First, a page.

Metro Planners Share Innovations in Transit Delay Calculation at TRB

February 25th, 2016

Adopted from queueing theory, this new method of assessing delay on transit systems with tap-in-tap-out fare systems accounts for natural variations in customer behavior.

As you may have heard, Metro is testing out a new customer-oriented travel time performance indicator. Many departments here at Metro have been collaborating on this effort. Metro has decided to initially pilot a measure where we define delay as anything greater than train run time, a headway, and the 1-3 minutes it takes to travel from the faregates to the platform. However, as we began our research into customer travel time, we got to asking the question, “How do we define customer delay on the rail system?”


As we quickly learned when digging into the data, on good days with no delay on the rail system, there is still a wide variety of “normal” customer travel times. Some variation in travel time is because customers arrive at random to the origin station, but all leave the destination station more or less at once.  Additional factors influencing this variation include walking speed, use of elevator vs. stairs, escalator or elevator outages, and customers with suitcases and strollers.

We could start with a threshold for “on time” but by definition we know on a good day there were no rail delays so we would be counting slower customers as “late.”

Additionally, on a day when we know a disruption has occurred, we might count very quick customers as “on time” when in fact we know that everyone experienced some delay.

So we set to determine a method for calculating delay that accommodated for the natural variation in customer speeds.  These travel time curves started reminding me of delay calculations from queueing theory from grad school.


Illustrations from Daganzo/Newell. Click for original paper, PDF.

Basically, you have some system where things go in, they get stored and then they come out the other end (a).  Like riding Metro: you enter, sit on a train and then exit.  If you take the entry times and plot them (b) and then plot the exit times (c), you end up with a set of curves, and the results are pretty clear (d):

  • the area between the curves is the total delay of the system,
  • the delay to any individual is the width between the curves at the point that represents that customer
  • the total number of customers delayed is the high of the area where the curves depart
    • In the example above, all were delayed

We were able to adapt this pretty quickly to Metrorail ridership data, as in the graphic below.


This is the crux of the work I presented at TRB in January, as Wendy previewed last month.  In the paper we submitted, we provided an example of using this method to assess the impacts of trackwork on customer travel times.  The paper is currently being reviewed for publication so we don’t want to put any spoilers online.  Once published, we will let you know.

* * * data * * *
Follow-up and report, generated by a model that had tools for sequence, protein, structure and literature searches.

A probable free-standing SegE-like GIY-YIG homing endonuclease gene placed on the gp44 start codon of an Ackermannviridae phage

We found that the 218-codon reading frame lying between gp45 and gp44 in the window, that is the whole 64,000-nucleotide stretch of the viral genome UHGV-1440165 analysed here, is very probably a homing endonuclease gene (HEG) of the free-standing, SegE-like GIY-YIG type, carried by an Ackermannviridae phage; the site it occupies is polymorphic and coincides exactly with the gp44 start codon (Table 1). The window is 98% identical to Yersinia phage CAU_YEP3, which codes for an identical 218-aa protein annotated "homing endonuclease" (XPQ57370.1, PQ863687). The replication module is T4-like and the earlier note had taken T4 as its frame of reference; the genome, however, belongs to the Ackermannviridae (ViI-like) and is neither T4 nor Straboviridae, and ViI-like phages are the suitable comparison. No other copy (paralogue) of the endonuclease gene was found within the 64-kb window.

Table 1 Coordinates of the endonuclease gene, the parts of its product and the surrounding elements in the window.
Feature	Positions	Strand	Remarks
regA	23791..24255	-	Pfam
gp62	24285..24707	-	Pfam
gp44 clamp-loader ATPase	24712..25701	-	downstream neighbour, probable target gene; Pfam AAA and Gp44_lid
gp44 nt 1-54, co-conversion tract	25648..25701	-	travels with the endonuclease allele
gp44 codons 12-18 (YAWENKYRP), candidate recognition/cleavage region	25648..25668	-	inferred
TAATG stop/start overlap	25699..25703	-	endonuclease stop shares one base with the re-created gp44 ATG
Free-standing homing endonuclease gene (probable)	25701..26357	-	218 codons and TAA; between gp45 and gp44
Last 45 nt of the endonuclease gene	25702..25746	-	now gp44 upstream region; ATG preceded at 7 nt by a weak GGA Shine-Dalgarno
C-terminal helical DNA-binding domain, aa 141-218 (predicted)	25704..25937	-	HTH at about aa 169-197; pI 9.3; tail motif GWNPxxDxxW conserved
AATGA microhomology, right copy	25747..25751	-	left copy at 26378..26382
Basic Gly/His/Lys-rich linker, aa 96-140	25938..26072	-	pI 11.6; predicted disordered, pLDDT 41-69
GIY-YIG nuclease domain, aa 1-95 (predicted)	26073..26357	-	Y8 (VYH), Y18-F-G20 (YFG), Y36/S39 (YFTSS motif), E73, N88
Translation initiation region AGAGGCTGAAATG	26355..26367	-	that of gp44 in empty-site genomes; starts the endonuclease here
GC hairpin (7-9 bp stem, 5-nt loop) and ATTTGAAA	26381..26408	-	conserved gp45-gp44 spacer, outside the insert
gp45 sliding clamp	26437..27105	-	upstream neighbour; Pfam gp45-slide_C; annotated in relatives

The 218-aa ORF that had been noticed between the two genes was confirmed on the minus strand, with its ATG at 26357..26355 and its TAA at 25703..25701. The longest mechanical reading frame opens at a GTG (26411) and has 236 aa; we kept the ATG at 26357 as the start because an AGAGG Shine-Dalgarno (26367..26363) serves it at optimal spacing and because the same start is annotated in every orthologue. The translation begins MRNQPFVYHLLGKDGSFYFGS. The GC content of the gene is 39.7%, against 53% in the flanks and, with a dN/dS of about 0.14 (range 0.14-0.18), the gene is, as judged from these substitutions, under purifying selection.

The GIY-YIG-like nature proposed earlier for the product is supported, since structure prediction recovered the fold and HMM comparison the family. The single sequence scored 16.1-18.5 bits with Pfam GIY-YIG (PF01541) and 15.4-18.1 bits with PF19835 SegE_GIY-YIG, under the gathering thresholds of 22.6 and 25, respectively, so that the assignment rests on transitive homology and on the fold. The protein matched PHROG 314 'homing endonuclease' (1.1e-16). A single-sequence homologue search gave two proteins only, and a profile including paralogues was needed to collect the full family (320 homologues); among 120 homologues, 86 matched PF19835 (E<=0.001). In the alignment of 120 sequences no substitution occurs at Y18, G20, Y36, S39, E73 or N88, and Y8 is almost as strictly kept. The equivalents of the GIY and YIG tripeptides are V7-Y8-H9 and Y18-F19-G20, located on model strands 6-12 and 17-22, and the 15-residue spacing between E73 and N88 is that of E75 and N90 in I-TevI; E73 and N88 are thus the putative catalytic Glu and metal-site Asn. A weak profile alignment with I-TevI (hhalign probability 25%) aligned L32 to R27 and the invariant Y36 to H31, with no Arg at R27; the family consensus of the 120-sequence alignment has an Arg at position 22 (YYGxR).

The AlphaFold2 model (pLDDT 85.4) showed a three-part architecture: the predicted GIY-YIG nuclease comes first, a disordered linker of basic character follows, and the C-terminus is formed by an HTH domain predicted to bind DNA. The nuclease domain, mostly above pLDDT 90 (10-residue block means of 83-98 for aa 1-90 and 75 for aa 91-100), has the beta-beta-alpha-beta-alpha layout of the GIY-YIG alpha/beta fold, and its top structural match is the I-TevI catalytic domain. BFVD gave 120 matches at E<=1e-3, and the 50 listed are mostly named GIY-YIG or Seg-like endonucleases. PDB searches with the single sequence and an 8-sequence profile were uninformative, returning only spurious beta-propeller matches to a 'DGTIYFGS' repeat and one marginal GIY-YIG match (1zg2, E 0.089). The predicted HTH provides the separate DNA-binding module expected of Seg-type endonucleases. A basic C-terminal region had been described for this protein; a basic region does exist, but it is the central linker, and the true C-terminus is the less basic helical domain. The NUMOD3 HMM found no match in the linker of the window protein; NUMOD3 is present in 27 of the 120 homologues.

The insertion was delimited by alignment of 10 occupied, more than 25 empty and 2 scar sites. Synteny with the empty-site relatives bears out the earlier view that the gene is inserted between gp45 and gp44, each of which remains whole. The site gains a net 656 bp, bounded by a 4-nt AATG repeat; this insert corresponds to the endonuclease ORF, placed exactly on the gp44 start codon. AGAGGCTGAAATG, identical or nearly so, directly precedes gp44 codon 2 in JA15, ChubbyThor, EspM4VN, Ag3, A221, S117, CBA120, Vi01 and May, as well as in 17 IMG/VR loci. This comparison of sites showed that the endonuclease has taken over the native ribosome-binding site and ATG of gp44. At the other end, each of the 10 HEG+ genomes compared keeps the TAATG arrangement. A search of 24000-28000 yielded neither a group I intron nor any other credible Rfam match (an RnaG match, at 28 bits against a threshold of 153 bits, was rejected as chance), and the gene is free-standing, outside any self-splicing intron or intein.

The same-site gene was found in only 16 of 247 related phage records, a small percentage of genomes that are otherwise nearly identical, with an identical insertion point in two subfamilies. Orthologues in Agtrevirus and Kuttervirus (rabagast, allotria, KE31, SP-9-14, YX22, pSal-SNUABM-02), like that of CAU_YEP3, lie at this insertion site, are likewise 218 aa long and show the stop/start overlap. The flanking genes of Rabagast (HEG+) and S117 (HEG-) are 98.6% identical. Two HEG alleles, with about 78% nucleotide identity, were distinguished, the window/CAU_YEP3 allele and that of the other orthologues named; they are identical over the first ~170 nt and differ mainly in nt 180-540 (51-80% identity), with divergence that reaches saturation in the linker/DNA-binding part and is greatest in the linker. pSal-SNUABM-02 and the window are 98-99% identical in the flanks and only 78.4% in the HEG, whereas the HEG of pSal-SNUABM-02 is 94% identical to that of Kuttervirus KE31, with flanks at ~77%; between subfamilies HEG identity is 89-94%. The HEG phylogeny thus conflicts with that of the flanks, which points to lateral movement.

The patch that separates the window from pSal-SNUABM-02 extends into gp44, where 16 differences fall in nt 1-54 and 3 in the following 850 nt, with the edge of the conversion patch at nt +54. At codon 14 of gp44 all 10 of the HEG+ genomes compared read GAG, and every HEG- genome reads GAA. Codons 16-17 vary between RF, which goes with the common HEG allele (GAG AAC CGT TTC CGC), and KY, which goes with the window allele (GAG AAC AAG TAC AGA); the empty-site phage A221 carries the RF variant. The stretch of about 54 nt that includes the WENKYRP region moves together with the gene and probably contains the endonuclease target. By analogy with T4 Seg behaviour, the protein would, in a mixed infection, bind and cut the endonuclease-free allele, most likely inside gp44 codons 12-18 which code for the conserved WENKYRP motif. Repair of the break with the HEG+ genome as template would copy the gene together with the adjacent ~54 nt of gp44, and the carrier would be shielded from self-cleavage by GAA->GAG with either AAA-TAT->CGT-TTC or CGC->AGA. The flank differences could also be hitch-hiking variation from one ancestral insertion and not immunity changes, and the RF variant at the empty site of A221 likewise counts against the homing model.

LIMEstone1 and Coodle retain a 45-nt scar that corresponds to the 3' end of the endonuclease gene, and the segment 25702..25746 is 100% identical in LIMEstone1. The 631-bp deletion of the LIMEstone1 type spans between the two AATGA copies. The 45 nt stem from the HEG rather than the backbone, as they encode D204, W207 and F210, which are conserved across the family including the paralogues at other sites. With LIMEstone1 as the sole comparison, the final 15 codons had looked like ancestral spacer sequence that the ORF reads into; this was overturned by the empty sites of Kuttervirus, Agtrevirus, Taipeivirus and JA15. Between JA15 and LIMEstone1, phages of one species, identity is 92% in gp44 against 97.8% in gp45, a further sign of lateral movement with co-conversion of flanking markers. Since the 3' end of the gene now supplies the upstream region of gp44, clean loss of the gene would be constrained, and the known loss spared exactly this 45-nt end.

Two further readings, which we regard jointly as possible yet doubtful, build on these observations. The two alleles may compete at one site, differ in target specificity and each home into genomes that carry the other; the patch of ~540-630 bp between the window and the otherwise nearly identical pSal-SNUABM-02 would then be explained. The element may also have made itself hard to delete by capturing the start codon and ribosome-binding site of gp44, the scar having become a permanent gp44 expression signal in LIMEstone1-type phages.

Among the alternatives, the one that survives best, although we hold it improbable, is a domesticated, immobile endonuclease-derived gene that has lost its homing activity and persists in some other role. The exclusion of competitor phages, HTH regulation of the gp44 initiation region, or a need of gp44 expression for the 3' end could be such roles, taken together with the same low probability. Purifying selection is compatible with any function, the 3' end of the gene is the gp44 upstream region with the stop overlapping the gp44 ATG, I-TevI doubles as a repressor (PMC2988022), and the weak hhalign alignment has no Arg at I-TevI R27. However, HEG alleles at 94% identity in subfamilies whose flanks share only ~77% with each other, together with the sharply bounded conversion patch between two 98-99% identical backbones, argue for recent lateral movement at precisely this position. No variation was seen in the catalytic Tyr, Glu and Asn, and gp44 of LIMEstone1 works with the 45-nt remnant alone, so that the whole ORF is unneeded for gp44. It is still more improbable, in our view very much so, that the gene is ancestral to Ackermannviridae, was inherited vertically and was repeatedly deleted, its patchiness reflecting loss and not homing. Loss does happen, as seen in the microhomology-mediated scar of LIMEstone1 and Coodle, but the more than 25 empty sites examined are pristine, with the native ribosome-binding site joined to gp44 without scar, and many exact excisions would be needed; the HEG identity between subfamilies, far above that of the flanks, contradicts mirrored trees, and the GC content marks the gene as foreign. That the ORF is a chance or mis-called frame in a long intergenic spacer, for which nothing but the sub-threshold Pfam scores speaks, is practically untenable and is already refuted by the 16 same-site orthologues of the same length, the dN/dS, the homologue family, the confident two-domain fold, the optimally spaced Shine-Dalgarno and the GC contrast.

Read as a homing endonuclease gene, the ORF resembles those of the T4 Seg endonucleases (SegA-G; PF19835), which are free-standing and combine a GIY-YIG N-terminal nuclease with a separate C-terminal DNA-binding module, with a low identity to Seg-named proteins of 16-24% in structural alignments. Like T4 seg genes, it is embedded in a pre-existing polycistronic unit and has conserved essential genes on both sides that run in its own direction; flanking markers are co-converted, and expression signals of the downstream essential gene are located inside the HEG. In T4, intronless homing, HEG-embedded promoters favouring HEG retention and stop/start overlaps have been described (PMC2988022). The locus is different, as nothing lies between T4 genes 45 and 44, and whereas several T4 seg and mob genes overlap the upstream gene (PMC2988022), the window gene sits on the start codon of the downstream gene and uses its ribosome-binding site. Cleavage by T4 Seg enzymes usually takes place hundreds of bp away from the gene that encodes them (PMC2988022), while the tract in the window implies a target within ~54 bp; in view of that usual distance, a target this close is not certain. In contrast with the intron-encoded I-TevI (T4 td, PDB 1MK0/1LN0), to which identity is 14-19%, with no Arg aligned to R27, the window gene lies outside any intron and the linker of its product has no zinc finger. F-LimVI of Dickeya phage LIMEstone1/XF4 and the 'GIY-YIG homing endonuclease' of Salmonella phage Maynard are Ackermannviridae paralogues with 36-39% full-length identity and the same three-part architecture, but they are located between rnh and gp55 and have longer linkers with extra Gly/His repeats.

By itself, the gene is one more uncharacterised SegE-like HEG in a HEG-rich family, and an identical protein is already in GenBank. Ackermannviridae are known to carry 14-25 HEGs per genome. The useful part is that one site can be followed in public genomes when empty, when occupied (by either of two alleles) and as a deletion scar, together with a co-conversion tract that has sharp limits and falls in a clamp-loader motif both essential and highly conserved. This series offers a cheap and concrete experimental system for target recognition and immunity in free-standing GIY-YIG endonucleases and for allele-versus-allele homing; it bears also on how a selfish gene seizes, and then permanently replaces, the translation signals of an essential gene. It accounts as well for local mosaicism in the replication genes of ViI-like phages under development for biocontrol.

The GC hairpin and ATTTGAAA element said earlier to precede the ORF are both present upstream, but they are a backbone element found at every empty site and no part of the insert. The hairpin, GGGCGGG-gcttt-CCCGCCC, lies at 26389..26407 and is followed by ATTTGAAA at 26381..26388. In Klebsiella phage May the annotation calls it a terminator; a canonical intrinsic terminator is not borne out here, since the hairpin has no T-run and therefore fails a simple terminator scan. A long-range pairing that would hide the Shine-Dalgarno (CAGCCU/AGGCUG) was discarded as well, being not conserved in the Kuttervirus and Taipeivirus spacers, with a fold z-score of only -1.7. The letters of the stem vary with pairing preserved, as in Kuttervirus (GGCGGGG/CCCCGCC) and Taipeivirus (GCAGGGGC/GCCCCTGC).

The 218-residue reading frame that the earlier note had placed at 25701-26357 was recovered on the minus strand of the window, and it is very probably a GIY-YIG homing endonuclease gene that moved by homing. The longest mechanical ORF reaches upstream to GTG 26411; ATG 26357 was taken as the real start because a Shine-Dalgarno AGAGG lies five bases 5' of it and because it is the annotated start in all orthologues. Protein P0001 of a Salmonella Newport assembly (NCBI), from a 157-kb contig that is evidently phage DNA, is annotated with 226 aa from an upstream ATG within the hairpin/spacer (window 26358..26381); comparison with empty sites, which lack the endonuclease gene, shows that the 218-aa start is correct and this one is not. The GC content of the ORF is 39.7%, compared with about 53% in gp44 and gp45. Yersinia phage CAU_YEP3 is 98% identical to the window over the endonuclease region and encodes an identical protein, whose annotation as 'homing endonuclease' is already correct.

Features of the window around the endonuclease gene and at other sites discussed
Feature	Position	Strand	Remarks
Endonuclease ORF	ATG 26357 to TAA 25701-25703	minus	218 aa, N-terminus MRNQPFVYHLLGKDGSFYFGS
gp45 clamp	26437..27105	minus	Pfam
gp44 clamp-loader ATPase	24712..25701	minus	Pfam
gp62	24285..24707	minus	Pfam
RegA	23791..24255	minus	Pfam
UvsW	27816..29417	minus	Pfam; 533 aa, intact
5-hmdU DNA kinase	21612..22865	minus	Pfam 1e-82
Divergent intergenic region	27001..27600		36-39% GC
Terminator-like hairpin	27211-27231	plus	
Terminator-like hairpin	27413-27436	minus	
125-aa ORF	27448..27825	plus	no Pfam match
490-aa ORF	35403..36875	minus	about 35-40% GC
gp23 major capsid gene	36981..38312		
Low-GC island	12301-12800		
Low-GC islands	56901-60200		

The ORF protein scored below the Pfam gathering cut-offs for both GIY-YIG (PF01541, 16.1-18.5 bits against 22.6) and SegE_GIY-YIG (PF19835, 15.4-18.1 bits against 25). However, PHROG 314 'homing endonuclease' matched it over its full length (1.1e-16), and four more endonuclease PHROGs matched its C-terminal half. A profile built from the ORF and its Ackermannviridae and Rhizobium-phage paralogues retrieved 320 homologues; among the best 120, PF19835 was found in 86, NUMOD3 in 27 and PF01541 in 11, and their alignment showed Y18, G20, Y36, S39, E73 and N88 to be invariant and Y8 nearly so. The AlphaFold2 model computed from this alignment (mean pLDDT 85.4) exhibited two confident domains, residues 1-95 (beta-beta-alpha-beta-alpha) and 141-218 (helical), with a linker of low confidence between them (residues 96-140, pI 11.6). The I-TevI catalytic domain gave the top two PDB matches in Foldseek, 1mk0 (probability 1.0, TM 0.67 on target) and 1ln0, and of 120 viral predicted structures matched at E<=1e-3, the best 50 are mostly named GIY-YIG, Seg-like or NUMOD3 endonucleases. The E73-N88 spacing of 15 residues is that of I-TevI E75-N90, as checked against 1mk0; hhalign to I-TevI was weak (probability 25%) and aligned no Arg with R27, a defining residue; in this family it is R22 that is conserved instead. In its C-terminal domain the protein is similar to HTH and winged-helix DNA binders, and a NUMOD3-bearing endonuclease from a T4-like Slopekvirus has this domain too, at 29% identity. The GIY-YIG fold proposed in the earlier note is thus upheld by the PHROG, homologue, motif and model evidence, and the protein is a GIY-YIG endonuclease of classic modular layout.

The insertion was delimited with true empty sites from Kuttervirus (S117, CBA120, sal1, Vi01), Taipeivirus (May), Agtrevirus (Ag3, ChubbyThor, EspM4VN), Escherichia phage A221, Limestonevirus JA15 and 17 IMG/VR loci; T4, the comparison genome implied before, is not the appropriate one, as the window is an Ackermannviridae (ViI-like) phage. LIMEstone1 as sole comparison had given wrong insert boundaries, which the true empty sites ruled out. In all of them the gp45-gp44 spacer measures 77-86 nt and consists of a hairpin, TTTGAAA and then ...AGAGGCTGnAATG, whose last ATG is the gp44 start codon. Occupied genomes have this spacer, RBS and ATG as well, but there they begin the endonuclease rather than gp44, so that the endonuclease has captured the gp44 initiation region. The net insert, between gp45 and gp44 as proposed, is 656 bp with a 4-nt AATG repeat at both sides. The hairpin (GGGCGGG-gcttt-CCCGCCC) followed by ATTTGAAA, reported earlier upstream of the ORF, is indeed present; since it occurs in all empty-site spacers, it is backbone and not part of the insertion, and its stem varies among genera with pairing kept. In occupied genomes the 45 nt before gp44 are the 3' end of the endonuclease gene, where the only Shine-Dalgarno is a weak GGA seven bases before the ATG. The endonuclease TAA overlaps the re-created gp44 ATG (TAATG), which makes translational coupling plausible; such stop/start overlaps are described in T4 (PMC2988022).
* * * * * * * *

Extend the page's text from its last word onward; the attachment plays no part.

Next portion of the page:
In the short term, Metro is evaluating a variety of methods for assessing delay for inclusion in the new performance metric.  How do you think we should measure delay?

Note:  neither the text nor the graphics included here are part of the original TRB submission.

Update, 2/25/2016:  The paper has been accepted for publication in the Transportation Research Record, Journal of the Transportation Research Board.

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  1. Anthony
    February 25th, 2016 at 08:12 | #1

    Interesting stuff – can’t wait to see the full report. In the mean time and somewhat related, is Metro looking at any mechanisms of taking into account “the train is overcrowded and people can’t get on” or “there’s so many people on this train that we’re getting delayed by the amount of time it takes people to get on and off”?

  2. Michael
    February 25th, 2016 at 11:33 | #2

    Thanks for the comment, Anthony. At the Metro Hack Night on Tuesday we discussed the possibility of adding to our data feeds some estimation of train or car crowding. It’s a great idea and we are definitely looking into it.

  3. Andrew
    February 25th, 2016 at 14:49 | #3

    I think a decent metric would be to look at all station exits within a hour (by station, by line, by system) and calculate what percentage of the trips were completed within “n” minutes, where “n” is the TripPlanner travel time + max stated headway time + 1-3 minutes for within-station travel time. The delay of a median rider (and other percentile riders) could be calculated.

    That is the minimum customers expectation. The metric should be set at something like 95% to account for the tortoises. As a rider, I don’t really care how well the trains move. I care how well the system moves people.

  4. Michael P
    February 26th, 2016 at 09:16 | #4


    I would assume that since this data is based on faregate entry/exit times, it would actually take that into account because it’s tracking the people rather than the trains.

  5. Justin
    February 26th, 2016 at 09:56 | #5

    Good point, and the initial metric we will report will indeed define “n” minutes as a full headway, scheduled train travel time, and 1-3 minutes of walk time to the faregates. This post (and TRB paper) was one alternative to this method that we explored.

    You’re right – this metric will be focused squarely on the passenger experience, not the movement of trains.

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